Better Breakfasts Are Packed with Protein

Better Breakfasts Are Packed with Protein

Consumers’ views on health and wellness are shifting. As more and more Americans commit to active lifestyles and exercise routines, they’re looking for food options that keep them energized throughout the day. You can help your diners fuel their busy days by offering a wider variety of protein-rich meals, especially at breakfast.

High-protein foods are key in improving vitality and wellbeing. Many studies have shown the advantages of consuming high-protein foods instead of high-carb options at breakfast, and consumers are recognizing the benefits. According to the International Food Information Council Foundation, nearly 60% of Americans are making a conscious effort to incorporate more protein into their diets.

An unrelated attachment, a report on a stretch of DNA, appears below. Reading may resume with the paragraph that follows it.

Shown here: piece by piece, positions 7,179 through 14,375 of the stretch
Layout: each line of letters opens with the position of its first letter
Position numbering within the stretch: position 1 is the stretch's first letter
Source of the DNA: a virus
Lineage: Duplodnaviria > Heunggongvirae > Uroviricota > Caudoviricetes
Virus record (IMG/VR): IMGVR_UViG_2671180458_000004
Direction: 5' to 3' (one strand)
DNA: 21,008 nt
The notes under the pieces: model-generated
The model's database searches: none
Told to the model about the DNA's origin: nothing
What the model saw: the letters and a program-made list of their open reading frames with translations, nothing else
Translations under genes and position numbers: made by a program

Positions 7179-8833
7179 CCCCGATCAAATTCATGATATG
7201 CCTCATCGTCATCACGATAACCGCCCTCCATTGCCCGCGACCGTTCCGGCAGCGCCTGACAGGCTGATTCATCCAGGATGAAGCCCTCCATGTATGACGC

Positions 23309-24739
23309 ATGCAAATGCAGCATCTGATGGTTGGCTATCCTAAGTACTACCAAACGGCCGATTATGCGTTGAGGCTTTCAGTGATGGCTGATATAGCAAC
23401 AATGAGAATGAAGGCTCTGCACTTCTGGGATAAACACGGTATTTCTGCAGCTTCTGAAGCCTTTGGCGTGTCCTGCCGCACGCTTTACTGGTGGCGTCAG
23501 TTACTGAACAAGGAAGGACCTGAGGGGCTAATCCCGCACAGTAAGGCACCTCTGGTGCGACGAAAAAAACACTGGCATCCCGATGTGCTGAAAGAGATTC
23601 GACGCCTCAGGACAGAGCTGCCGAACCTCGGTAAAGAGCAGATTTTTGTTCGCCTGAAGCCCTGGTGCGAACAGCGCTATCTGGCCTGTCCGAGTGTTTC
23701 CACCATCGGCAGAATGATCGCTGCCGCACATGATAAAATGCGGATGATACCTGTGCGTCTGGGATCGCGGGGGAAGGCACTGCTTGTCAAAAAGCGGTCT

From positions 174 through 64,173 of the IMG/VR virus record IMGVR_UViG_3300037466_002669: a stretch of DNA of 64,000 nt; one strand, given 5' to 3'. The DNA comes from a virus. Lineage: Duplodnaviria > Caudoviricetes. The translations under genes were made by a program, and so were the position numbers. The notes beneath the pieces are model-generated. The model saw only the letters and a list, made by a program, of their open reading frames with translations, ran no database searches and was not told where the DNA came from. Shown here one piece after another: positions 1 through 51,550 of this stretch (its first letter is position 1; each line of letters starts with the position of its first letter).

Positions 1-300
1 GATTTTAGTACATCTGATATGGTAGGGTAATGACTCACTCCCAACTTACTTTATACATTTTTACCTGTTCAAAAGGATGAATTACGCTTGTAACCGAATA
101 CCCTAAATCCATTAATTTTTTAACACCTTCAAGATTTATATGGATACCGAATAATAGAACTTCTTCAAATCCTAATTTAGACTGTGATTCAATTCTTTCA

Give your patrons an energy boost for breakfast by offering lean proteins, like turkey. The classic American breakfast consists of eggs with another protein-rich side, like bacon, sausage or ham. Offer a twist on the tradition by replacing high-fat beef and pork with turkey breakfast meats—they’re quickly becoming popular a.m. options. Technomic reports that 24% of consumers increased their turkey consumption at breakfast last year. Throughout the past four years, breakfast menu penetration of turkey bacon increased by 53%, and turkey sausage increased by 39%.

While you can easily offer turkey breakfast meats as side items or traditional breakfast meat replacements, there are many creative ways to add all kinds of turkey products to your morning lineup. Try these ideas for inspiration:


    • Turkey Pot Roast for Breakfast—This hearty meal is sure to keep patrons fuller longer. Plus, it includes a variety of veggies for an added healthy bonus.


Explore all of our products and breakfast recipes to find inspiration for your new, protein-packed morning menu.


Protein: It’s Good for Us, We Need It, We Want It, American Egg Board, 2014.

Daypart-Blurring Proteins, American Egg Board, 2014.

Leaning Toward Leaner Proteins, American Egg Board, 2014

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